The Galiano Club has prioritized school garden programming for years by funding a part-time School Garden Coordinator position, and Kris Krug is now at the helm. He's a brilliant photographer and grower who connects many Gali-folk in creative and fun ways. I was excited to meet him in person, learn more about Galiano's 2021 Garden, and deliver a tower garden on loan for them to try out, so I caught the dawn ferry from Salt Spring and spent this Tuesday morning with KK.
On Tuesday and Thursday mornings Kris works with kids – and community volunteers come by in the afternoons. He also runs a virtual garden speakers program for the middle years students. Other classes plus the preschool use the garden space, too.
Right off, Kris introduced me to Susie Johnson, the middle-years teacher at Galiano Community School, who visited the garden with her daughter on a break. She used to grow hydroponic veggies in Nunavut, and was excited by the Tower Garden. Afterwards, Jennifer Hamer, the Strongstart teacher came by, whose son Malachai also joined us to plant and learn with Kris. We made bright bouquets from leftover flowers from Thrifty Foods that I was gifted to bring.
Jennifer just finished her Masters in Counseling and wants to bring self-calming and anti-anxiety practices into the kids’ school lives, maybe through the garden. She showed me the preschool/ELF play yard, which is amazing! They have a beautiful tiny playhouse with water catchment off the roof and straw bales and herbs in pots and a water spigot for lots of water play. Their new covered outdoor area has coat hooks on the fence photos of all the students, to make it theirs. She uses a “selfie printer” and each instant photo comes to about 33 cents. Good ideas!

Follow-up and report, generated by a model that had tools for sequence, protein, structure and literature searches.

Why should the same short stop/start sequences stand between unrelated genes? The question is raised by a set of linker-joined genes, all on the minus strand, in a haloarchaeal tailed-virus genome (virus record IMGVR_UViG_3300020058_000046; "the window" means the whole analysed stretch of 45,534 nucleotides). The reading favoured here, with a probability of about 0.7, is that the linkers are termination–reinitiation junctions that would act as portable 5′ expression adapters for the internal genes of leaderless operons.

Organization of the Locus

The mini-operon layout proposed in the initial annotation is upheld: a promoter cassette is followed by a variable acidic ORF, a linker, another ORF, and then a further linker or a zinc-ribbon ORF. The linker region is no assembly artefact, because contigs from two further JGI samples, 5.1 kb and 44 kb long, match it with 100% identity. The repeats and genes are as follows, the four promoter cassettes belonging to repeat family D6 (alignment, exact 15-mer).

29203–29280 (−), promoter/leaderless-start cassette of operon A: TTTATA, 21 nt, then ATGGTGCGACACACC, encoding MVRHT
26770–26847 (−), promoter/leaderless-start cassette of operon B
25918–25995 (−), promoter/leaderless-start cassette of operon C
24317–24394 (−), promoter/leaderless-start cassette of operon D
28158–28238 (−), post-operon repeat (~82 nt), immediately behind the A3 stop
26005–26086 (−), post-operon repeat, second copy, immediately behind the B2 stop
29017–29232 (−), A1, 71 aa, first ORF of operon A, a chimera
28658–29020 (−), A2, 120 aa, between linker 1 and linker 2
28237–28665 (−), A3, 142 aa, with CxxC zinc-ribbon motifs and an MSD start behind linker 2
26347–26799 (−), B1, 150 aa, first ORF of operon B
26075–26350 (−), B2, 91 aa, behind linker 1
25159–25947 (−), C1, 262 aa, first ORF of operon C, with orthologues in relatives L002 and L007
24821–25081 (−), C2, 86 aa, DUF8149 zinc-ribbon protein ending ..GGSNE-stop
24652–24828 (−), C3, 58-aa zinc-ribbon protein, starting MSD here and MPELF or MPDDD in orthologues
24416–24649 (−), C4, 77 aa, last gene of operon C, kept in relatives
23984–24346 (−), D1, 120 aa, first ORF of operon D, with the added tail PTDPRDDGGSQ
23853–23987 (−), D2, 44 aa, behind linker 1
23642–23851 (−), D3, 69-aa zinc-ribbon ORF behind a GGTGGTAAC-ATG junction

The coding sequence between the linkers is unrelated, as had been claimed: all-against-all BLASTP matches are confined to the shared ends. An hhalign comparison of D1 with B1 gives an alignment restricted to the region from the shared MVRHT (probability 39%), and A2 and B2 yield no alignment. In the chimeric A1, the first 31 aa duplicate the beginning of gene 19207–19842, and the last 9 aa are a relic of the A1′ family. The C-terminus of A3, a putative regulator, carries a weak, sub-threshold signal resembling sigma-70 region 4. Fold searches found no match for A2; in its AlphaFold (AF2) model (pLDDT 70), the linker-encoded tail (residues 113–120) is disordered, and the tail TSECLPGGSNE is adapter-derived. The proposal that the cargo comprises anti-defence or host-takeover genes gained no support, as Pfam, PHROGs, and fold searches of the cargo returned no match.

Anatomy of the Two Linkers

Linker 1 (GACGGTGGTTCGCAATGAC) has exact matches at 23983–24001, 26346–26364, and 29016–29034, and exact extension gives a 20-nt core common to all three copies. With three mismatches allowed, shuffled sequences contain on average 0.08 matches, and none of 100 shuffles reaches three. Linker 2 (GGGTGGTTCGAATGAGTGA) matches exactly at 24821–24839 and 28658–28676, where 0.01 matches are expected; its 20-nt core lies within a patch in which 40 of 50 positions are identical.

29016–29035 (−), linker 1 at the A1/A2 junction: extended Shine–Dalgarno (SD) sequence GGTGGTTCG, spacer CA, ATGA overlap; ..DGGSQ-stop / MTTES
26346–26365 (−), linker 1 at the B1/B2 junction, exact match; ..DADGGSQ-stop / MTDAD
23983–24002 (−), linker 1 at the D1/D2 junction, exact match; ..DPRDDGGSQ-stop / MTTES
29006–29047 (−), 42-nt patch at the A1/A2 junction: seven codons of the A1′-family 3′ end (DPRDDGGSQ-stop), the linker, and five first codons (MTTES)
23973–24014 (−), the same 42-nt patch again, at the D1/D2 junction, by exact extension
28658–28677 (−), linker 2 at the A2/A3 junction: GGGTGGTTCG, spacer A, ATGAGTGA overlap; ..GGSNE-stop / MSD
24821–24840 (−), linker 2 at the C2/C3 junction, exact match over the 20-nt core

Back in the main Galiano Community School garden, the beds are already full of fresh veggie starts from Kris's own home greenhouse, with many personal touches from other Galiano community gardeners, like Rich Soil mix and special cedar trellises. Mature trees and bushes are in bloom, including a gorgeous grapevine, tiny-pruned apple and fig trees, lilac and rosemary, and much more.
We weeded the rhubarb and asparagus patch and planted cucumber seedlings. I showed him our garden scrapbook, and we talked about simple ways to teach and engage kids in the garden, aside from just weeding and planting. One of the school garden picture books I'd brought along was about Will Allen, and it turns out that KK had sold a photograph of Will to the US State Department for a fancy brochure. He has surprising celebrity connections.
Then, conversation ran to owls, irrigation, and other island gardens, and we plan to visit Arthur Kikuchi on Pender in early June and Kris may come to Salt Spring Island this coming week for a garden tour!
That morning, I learned more about the beauty of working one-on-one with students who are otherwise too brilliant in some ways for regular school or who have different skills or interests. Developing that opportunity further with the Education Assistant’s at Salt Spring Elementary would be great. On parting, he gifted our garden squash starts, flower seedlings, and a giant hollyhock to serve as food for the Painted Lady butterflies that all the classes will be releasing soon. Much thanks!
Next time round, I'd love to visit the Galiano Food Forest w/the Conservancy & make time to see Kris's Kale Forest and greenhouse, seaweed compost, and vermiculture operation.